Are your eyes paying the price for spending several hours per day on your smartphone, laptop or work computer? By committing as little as two hours per day to screen time, you are highly likely to show symptoms.
So what can you do? Digital eye strain is an irritating condition, and prolonged exposure to short wavelength blue light (like the kind that comes from your computer monitor) can increase the risk of cataracts and macular degeneration. If you spend a lot of time in front of a screen, we recommend lenses with an Essilor Prevencia coating.
Having said that, some serious eye diseases exhibit symptoms similar to eye strain, so visit our practice for an eye health exam and confirmation of your diagnosis before trying to relieve symptoms.
While a detailed eye exam is the only way to definitively diagnose eye strain, you should be aware of any of the following symptoms:
Particularly if these symptoms are affecting your job, you should come in for an exam. If it is eye strain, we can discuss practical changes you can make to your routine in order to overcome symptoms and, preferably, avoid recurrence further down the line.
When looking at any object, or reading text, our eyes cleverly focus so that we can perceive that object clearly. Our focusing muscles, when fatigued, struggle to perform this task efficiently and this manifests itself as the known symptoms of digital eye strain.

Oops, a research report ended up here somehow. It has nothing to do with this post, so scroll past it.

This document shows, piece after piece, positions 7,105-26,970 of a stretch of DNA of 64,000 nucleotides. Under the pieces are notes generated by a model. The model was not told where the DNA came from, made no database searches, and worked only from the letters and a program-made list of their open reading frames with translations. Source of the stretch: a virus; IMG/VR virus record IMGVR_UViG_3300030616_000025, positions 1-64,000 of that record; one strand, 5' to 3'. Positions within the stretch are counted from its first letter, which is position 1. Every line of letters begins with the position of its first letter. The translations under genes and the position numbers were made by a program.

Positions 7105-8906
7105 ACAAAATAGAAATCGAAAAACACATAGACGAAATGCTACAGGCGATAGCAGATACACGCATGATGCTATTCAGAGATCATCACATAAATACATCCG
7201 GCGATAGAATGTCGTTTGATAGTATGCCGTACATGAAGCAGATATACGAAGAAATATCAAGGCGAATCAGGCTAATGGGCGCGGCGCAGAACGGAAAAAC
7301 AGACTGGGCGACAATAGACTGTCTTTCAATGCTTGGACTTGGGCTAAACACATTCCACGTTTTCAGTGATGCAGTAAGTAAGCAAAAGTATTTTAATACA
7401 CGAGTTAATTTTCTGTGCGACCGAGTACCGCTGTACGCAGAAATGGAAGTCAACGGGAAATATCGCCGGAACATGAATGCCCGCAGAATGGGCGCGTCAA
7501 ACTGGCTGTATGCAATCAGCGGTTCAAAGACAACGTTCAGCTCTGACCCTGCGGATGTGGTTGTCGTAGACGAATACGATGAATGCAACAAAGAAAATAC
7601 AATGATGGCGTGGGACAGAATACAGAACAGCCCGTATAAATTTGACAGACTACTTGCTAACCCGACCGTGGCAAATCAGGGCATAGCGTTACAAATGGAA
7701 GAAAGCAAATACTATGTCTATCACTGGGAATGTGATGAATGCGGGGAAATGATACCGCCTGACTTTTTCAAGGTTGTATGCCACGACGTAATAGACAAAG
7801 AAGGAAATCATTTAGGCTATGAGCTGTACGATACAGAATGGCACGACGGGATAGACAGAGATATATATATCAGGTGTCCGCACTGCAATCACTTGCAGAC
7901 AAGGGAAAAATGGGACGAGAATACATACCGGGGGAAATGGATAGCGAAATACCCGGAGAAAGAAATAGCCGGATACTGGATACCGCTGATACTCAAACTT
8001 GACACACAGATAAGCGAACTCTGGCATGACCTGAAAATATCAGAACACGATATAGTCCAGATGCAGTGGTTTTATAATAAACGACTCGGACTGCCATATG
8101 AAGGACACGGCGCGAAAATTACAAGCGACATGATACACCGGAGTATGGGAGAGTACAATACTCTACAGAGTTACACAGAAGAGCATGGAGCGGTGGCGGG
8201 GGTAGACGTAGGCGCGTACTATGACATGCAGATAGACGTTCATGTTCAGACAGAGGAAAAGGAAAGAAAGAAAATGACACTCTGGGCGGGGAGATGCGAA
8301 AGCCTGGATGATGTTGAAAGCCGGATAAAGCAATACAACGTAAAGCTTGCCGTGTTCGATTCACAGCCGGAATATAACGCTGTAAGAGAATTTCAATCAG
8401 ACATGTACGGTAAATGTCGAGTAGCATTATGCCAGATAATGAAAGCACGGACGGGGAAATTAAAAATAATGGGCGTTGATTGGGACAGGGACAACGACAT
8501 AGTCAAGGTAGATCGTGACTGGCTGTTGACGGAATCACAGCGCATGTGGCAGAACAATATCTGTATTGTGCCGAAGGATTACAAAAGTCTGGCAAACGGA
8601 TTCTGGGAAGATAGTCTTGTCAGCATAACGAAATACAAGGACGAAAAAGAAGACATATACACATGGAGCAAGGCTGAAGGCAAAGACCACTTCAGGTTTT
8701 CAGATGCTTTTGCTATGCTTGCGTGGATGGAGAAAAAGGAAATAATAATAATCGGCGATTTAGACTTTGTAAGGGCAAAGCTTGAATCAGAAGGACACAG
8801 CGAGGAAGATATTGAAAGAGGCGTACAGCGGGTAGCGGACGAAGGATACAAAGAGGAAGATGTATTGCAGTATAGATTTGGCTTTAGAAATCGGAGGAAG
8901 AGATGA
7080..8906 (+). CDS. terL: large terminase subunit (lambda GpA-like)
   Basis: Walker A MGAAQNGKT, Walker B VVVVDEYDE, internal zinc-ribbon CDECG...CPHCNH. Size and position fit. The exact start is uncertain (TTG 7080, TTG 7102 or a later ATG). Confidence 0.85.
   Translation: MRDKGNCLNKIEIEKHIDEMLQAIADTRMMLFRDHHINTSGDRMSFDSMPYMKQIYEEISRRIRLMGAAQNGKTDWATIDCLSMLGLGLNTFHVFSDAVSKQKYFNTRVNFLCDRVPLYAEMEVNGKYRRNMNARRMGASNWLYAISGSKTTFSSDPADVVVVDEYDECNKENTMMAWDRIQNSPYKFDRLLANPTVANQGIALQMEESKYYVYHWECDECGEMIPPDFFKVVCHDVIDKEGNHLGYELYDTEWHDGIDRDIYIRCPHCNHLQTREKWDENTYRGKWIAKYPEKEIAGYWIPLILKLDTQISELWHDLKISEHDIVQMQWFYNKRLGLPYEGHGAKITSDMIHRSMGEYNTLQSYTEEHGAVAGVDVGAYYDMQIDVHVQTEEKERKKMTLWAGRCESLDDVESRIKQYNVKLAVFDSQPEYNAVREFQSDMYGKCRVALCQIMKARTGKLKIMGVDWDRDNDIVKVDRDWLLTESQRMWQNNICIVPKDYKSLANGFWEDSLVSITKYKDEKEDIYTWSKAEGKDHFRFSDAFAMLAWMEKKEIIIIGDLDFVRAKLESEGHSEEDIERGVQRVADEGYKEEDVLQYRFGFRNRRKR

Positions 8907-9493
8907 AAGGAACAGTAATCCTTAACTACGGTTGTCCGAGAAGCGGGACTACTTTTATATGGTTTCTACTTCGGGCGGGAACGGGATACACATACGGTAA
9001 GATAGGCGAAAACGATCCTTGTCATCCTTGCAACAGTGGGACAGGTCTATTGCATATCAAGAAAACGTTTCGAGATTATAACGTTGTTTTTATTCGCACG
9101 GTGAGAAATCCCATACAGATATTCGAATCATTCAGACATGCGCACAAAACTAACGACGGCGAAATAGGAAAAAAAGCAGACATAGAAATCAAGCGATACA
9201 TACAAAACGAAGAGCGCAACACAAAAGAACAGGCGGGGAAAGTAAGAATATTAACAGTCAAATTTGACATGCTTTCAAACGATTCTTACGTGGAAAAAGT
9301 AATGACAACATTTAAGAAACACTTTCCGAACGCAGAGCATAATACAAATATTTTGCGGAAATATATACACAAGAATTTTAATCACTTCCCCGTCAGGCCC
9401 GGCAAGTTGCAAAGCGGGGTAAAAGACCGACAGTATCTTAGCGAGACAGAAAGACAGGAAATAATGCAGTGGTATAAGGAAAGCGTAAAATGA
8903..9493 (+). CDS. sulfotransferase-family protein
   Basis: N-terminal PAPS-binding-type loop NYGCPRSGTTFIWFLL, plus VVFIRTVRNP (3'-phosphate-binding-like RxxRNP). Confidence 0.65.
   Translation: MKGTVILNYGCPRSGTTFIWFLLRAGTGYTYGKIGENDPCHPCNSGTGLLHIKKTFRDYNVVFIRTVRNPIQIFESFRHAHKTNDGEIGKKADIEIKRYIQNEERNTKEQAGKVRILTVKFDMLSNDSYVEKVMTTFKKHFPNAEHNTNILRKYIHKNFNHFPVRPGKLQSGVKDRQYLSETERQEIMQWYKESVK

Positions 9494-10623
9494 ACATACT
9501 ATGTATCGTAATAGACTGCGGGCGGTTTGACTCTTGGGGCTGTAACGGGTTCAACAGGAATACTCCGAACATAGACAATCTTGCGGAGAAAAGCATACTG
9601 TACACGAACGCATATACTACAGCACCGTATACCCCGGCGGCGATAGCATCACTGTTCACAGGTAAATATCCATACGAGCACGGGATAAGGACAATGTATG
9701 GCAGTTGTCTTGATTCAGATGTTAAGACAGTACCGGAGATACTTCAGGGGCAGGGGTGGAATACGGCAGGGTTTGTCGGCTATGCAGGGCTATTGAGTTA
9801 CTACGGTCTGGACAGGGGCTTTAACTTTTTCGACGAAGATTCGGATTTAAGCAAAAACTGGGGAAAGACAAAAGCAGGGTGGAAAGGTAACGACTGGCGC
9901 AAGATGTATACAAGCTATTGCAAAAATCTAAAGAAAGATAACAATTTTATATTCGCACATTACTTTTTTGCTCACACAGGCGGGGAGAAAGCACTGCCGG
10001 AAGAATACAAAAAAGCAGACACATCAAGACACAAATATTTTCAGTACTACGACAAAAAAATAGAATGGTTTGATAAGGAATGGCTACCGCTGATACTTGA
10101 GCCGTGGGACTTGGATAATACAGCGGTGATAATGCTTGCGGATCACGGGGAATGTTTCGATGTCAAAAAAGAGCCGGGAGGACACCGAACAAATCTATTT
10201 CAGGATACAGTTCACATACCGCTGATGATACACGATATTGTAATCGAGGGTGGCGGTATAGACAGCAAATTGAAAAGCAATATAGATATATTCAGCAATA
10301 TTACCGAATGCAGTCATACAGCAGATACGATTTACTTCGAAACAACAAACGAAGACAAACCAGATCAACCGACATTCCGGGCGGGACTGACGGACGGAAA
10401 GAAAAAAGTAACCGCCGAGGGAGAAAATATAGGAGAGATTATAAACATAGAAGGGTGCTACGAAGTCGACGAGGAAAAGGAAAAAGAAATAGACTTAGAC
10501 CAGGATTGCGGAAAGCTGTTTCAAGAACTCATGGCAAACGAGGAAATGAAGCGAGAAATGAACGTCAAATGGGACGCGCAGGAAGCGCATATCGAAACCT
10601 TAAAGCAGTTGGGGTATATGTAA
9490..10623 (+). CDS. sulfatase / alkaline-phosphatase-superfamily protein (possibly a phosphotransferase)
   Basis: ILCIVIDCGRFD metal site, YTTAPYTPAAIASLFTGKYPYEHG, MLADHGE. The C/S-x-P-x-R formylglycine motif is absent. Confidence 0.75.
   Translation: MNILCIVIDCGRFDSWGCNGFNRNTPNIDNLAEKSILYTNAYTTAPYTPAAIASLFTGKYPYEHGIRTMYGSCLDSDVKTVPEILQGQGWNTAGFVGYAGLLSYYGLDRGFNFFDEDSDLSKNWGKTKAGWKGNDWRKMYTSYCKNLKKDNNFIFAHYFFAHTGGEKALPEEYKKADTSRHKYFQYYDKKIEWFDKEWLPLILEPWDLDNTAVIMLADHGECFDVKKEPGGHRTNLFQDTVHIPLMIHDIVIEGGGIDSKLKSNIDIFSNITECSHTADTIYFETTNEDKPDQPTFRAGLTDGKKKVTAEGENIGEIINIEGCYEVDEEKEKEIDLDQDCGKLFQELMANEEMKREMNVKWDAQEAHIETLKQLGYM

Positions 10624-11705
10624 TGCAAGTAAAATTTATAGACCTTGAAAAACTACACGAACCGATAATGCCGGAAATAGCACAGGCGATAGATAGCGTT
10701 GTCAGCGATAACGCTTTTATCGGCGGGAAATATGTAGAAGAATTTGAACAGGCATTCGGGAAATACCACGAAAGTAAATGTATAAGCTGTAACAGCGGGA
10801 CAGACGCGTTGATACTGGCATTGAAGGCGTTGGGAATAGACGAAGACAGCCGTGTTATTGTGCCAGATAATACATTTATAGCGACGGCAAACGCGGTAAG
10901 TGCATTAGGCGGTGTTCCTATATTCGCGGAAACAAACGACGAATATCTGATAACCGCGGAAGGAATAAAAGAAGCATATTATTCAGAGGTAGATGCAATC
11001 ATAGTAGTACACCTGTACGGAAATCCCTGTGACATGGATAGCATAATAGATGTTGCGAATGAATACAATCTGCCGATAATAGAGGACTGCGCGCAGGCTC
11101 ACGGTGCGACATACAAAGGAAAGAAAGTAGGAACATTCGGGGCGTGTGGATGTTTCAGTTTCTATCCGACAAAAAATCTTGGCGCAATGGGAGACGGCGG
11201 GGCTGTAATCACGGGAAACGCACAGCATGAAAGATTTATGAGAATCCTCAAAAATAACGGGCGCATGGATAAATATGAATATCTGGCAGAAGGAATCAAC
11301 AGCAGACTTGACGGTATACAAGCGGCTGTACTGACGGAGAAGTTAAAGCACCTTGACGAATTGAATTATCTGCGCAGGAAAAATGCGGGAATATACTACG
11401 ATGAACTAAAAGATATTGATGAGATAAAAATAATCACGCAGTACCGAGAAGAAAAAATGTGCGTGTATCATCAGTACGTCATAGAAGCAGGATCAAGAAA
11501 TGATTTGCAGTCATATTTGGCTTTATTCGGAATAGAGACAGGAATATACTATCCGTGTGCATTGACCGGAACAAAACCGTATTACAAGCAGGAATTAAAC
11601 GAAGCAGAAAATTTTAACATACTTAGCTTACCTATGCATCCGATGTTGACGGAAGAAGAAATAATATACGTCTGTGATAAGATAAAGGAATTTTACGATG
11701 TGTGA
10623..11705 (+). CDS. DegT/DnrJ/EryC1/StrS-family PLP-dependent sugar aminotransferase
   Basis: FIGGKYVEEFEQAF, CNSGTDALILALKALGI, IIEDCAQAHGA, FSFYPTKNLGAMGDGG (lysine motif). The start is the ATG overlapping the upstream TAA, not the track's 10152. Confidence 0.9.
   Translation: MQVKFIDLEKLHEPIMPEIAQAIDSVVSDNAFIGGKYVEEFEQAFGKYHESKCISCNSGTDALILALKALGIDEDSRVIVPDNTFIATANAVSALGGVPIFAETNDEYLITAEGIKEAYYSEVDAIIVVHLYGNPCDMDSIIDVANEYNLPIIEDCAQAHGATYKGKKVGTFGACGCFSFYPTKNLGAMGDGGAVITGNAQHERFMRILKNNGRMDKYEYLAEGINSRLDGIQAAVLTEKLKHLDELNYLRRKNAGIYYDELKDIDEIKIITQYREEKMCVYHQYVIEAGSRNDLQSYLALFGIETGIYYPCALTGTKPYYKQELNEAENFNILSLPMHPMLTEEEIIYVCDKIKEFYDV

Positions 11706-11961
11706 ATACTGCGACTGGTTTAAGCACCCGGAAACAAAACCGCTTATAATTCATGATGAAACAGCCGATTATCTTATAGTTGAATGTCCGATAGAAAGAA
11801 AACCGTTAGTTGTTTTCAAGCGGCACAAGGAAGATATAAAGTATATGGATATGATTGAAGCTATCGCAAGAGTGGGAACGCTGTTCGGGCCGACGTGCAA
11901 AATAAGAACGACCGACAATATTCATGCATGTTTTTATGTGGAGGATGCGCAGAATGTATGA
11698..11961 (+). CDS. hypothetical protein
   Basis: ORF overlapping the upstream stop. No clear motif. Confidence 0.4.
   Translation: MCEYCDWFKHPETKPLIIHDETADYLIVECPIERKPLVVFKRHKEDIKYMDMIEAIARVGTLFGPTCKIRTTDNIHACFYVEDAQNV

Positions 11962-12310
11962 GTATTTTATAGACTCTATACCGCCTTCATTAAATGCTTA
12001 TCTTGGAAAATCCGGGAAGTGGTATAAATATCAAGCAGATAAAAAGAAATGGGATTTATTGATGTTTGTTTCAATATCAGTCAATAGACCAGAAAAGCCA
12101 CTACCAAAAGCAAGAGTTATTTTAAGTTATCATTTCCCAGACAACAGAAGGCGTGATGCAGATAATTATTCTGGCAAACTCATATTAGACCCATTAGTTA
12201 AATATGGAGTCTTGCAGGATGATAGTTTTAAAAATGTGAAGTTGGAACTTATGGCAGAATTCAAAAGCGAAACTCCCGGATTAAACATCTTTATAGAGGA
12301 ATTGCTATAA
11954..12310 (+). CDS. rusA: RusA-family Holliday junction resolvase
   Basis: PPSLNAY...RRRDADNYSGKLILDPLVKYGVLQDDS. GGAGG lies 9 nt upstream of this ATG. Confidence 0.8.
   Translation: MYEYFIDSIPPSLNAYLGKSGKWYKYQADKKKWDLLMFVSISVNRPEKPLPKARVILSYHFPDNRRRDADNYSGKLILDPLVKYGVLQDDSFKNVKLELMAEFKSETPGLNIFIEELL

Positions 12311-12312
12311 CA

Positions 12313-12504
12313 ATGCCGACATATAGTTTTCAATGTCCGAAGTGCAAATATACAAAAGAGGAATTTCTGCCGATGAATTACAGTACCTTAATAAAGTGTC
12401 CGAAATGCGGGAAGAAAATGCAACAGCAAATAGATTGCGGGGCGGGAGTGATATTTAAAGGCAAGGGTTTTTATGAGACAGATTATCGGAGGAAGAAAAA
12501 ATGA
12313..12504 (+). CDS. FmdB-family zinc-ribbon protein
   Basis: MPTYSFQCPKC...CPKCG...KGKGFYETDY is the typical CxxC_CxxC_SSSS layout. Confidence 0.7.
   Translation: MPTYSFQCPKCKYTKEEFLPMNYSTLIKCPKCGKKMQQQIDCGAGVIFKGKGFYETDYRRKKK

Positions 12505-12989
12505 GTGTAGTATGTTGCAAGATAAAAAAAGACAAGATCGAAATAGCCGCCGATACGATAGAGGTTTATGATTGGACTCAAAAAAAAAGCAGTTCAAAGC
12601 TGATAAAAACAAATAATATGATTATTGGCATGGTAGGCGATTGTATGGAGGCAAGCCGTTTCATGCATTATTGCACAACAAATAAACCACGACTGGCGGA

Using screens forces our eyes to work harder than normal, hence the increase in eye strain across Canada as our daily dependence on screens rises.
The simplest, easiest and cheapest way to reduce your symptoms is to take a 20-30 second break a few times an hour. Focus on a distant object, relax your eye muscles and then get back to work – this tiny change in routine has been proven very effective for easing mild symptoms.
In fact, most treatment options revolve around simple, easy-to-implement changes:
If you work at a laptop, your screen is probably far too close to your eyes - this makes focusing even harder for your tiring muscles. Try to have your screen at eye-level, but 2 feet or so away. You can even adjust your colour settings to boost contrast and limit brightness to lessen the load.
Glare is a key factor. If you can prevent sun or lamp light from reflecting off your screen onto your eyes, you’ll notice an almost-immediate difference. Consider adding soft, warm background lighting in behind your monitor - this helps your eyes focus more naturally, reducing fatigue.
It should go without saying (but we never assume when it comes to your eye care!) that you should never use a laptop or smartphone in a dark room. This will accelerate eye strain substantially, as well as making it much harder to fall asleep.
You can find us on the corner of St Paul St and 3rd Ave. We are 3 blocks down 3rd Ave from Royal Inland Hospital, towards downtown. Our office is across the street from the Telus Store and Stuart Wood school yard (where the summer Farmer’s Market is on Saturdays).